“On another level, delicate ecological balances are upset by the uncontrolled destruction of animal and plant life or by a reckless exploitation of natural resources. It should be pointed out that all of this, even if carried out in the name of progress and well-being, is ultimately to mankind’s disadvantage.”
“Respect for life, and above all for the dignity of the human person, is the ultimate guiding norm for any sound economic, industrial or scientific progress.”
“The complexity of the ecological question is evident to all. There are, however, certain underlying principles, which, while respecting the legitimate autonomy and the specific competence of those involved, can direct research towards adequate and lasting solutions. These principles are essential to the building of a peaceful society; no peaceful society can afford to neglect either respect for life or the fact that there is an integrity to creation.
“Theology, philosophy and science all speak of a harmonious universe, of a “cosmos” endowed with its own integrity, its own internal, dynamic balance. This order must be respected. The human race is called to explore this order, to examine it with due care and to make use of it while safeguarding its integrity.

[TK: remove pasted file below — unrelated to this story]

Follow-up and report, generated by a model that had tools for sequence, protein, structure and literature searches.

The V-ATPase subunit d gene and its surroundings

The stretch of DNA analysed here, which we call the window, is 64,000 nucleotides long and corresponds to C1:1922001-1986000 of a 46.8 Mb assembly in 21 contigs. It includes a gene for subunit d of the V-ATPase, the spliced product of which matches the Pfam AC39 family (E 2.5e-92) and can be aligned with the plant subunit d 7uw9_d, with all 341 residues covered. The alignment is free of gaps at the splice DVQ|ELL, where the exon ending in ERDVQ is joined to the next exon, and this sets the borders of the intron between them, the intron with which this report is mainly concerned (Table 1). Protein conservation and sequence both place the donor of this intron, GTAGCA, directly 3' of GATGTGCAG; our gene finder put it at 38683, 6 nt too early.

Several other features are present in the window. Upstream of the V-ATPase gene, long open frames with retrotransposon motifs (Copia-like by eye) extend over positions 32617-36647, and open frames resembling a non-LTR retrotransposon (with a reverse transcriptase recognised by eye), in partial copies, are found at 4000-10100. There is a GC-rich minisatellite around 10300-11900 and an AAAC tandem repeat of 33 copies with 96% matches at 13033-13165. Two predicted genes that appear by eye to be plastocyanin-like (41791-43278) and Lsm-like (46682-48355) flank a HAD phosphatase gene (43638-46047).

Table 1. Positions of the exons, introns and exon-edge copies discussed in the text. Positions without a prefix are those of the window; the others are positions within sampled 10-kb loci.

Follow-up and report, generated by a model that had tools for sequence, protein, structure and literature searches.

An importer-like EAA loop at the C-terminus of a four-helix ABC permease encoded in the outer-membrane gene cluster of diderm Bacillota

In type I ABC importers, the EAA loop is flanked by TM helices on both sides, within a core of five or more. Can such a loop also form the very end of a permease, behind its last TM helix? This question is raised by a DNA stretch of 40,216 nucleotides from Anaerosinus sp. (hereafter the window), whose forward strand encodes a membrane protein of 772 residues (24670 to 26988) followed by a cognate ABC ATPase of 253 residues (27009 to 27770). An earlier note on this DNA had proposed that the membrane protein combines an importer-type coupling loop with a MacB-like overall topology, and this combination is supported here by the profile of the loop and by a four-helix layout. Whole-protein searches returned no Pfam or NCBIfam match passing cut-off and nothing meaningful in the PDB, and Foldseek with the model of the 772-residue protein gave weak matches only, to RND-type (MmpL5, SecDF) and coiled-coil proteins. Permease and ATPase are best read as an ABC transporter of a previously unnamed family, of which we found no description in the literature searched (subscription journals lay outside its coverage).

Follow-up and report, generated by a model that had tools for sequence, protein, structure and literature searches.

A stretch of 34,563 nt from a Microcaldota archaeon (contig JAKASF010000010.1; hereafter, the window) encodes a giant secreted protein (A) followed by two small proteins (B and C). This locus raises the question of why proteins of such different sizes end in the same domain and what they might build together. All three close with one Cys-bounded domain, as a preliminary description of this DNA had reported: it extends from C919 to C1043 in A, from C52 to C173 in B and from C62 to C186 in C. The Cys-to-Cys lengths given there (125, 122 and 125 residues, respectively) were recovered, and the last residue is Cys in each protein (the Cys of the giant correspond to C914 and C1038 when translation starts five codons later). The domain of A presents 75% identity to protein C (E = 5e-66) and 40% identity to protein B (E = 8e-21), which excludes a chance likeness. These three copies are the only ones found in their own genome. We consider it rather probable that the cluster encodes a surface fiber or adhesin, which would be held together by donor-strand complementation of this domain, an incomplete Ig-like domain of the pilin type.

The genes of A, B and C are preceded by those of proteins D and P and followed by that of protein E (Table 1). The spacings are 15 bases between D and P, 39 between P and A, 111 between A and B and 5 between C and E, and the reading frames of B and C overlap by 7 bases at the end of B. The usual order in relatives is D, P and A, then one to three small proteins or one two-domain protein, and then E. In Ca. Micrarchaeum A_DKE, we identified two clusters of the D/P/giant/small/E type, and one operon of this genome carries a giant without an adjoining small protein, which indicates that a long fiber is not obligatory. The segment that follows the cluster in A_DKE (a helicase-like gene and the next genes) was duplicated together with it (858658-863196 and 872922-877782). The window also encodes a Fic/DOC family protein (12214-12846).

“On the other hand, the earth is ultimately a common heritage, the fruits of which are for the benefit of all. In the words of the Second Vatican Council, “God destined the earth and all it contains for the use of every individual and all peoples”. This has direct consequences for the problem at hand. It is manifestly unjust that a privileged few should continue to accumulate excess goods, squandering available resources, while masses of people are living in conditions of misery at the very lowest level of subsistence. Today, the dramatic threat of ecological breakdown is teaching us the extent to which greed and selfishness – both individual and collective – are contrary to the order of creation, an order which is characterized by mutual interdependence.